What fascinates me about climbers’ culture within the greater arboriculture is how diverse and vibrant it is. This is due mainly to the people attracted to this line of work, which in turn creates a really interesting pool of skills and abilities.

Now let’s apply them!

Do not be shy to bring your own special set of skills to the table and find an area that you can apply them in, be it music, art – or something totally different; be it on the job site, at a conference or a tree climbing competition, main thing is simply to get stuck in.

Below is the Aerial Rescue scenario sheet from ETCC in 2013 in Thun.

The clown casualty made me laugh… really just a glorified doodle, but still, stuff like this adds texture and depth. In the end it is just someone making an effort. Coming up with AR scenarios is great, working with the team, finding something that will fit in the tree and the timescale and is at the same time meaningful – really brings everything together.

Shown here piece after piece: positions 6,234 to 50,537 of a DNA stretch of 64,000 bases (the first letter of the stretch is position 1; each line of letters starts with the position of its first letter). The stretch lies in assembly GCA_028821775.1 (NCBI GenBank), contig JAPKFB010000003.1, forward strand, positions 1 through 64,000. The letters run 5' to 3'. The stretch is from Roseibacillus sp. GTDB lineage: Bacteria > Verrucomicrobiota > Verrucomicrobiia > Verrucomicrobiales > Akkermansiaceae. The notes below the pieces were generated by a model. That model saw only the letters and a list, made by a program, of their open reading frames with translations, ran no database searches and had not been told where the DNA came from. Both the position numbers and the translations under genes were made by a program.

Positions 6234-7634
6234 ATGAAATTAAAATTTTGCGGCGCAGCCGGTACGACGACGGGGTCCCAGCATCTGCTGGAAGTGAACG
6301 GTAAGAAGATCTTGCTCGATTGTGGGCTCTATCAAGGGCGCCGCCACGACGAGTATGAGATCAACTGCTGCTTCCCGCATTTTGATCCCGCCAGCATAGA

On saying no

I was watching a video today on YouTube that someone posted of them dismantling a tree that had died two years ago. The tree was looking pretty tired and the climber was using rigging techniques to dismantle it.

This got me thinking.

But before I go any further I need to clarify a couple of points:

I know the person who posted the video and he is a strong climber and I would deem him to be a competent operator. Of course a video always is only able to reflect one aspect of a situation – and not even that very well. So it is perfectly possible – and probably even likely – that the risks this job entailed were well managed. In which case I wish to make clear that the following thoughts are not applicable to this specific case, yet without a doubt they touch upon a reality of tree work.

The impression I got from the video was that what I was watching was a pretty borderline situation, with a climbing anchor point with the bark already coming off it and a tree with a very wide and spreading canopy.

I can totally understand how such a situation could evolve: